Welcome Meddleheads, to the column where your crazy meets my crazy! Please send your questions to email. Right now. Not only will you immediately feel much better, you’ll also get some advice.
I’m a recent college graduate and currently have two part-time jobs that I enjoy and that pay enough for me to get by. I have the option to take a full-time job that pays better and is more in line with what I want to do in the future, but it's only guaranteed for three months, with the possibility of a one- or two-year extension, depending on grant funding.
I’m afraid that if I take the new full-time position and the grant funding doesn't come through, I'll be without any job at all and unable to find a situation as good as the one I'm in right now. So should I take the risk in hopes of bettering my paycheck and my career, or should I stick with the part-time gigs, for the time being? It's just hard to know in these tough economic times.
My big dream when I graduated from college was to be a newspaper reporter. This was back in the 1980s, before the digital age. I applied to virtually every paper in New England, and, when none of them saw fit to hire me, I took a job at the El Paso Times as a features reporter. I moved my entire life to El Paso — which, it turns out, is on the Western edge of Texas, right next to Mexico. It was a strange place, totally foreign to me, and a lot more intense than anything I’d experienced before.
A week later, I got a call from an editor at the Quincy Patriot-Ledger offering me a job. Working at the Patriot-Ledger, or a paper like the Patriot-Ledger, had always been the goal. It offered a clear path to what I took to be my intended destiny, working at a big daily like the Boston Globe or The New York Times.
I gave the matter a good deal of thought and decided to take the job in Quincy, which I considered the safe path. My bosses in El Paso were understandably furious when I broke the news. Then something curious happened: I had what amounts to a nervous breakdown. I couldn’t sleep. I couldn’t eat. I spent a lot of time weeping in confusion.
At a certain point, it became clear that I was simply unprepared, emotionally and psychologically, to take this new job. So I told my editors in El Paso that I’d changed my mind, and they kindly allowed me to un-quit. I called my editor in Quincy and explained to him that I didn’t want the job, after all. Once he was done dressing me down, I felt a great rush of relief.
I thought about this strange episode when I read your letter. Not that you’re on the brink of a nervous breakdown, Indecisive. You seem pretty poised about the nature of your decision. But you’re still in one of those deciding moments, where you have to measure risk against security.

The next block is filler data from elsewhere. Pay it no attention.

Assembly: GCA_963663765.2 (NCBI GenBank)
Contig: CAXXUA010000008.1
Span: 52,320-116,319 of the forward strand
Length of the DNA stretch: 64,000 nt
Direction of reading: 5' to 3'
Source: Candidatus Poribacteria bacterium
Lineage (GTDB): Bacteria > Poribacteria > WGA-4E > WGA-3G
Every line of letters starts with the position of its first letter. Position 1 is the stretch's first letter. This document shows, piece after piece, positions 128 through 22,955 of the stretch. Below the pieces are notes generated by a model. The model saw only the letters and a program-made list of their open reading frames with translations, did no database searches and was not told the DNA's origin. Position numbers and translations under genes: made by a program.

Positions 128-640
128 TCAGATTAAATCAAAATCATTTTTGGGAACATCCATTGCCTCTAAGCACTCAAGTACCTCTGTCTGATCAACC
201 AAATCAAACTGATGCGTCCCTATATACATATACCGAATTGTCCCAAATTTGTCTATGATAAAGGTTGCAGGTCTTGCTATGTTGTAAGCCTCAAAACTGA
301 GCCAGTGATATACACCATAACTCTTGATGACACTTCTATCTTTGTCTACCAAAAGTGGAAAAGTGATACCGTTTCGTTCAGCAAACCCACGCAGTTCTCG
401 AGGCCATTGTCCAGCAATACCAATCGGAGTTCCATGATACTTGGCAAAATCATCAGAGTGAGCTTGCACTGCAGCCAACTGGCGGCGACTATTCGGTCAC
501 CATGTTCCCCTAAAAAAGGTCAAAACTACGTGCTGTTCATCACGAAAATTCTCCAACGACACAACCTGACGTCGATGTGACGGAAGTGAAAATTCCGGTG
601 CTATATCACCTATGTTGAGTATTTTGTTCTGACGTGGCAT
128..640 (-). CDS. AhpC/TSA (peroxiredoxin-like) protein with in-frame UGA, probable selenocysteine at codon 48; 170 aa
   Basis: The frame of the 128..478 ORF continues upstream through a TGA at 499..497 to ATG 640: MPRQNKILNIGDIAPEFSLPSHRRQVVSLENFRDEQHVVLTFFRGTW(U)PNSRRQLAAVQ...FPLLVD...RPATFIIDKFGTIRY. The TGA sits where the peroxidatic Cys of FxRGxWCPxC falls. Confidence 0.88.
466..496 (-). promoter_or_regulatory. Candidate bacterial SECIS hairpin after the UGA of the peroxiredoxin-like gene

I have a bit of bad news about this, and two pieces of advice.
First, the bad news: I have no idea what you should do.
...we tend to think of life decisions in a binary way. You either make the 'right' decision or the 'wrong' decision. This is nonsense.
I have no idea because I’m not you. I don’t know your temperament. I don’t know your tolerance for risk. I don’t know your economic circumstances, whether you’ve got $100,000 in college loan debt or $100,000 socked away in the bank.
Which brings me to my first piece of advice: Conduct a brutally honest self-inventory of your circumstances. Ask yourself these questions: How do I feel about risk versus security? How calamitous would it be to take this full-time job and wind up unemployed? How long would it take me to get another job, or set of jobs, that helped me advance my career? How long might I have to wait for another opportunity like this to arise? And so on.
One thing to remember, Indecisive, is that youth does provide a certain insulation when it comes to risk. I am assuming that, as a recent college grad, you likely don’t have a family quite yet, and thus no spouse or children or mortgage. This might be the time in your life when it’s easiest to take a chance.
I hope these questions help clarify the decision you have to make. But the truth is that I did the same thing all those years ago in El Paso, and I still made a decision that caused me to have a meltdown. Your logical, conscious mind can only know so much. At certain moments, your gut steps in and takes over. That’s what happened to me. Some unconscious part of me rose up, in the form of anxiety, and pushed me toward the stranger, riskier path that working in El Paso represented.
In fact, I could have taken either job and made a happy life.
I don’t mean to minimize the decision you have to make. But we tend to think of life decisions in a binary way. You either make the “right” decision or the “wrong” decision. This is nonsense. It’s just a way that we try to reassure ourselves in the face of doubt. It’s not that our decisions don’t matter. But they matter far less than what we do with those decisions, how hard we work in the aftermath.
Whatever call you make here matters much less than the passion and dedication that you bring to the development of your career. That’s what will serve you in the long run, both in your professional and creative aspirations and relationships.
I wish you every bit of good luck!
Okay folks, now it's your turn. Did I get it right, or muck it up? Let me know in the comments section. And please do send your own question along, the more detailed the better. Even if I don't have a helpful response, chances are someone in the comments section will. Send your dilemmas via email.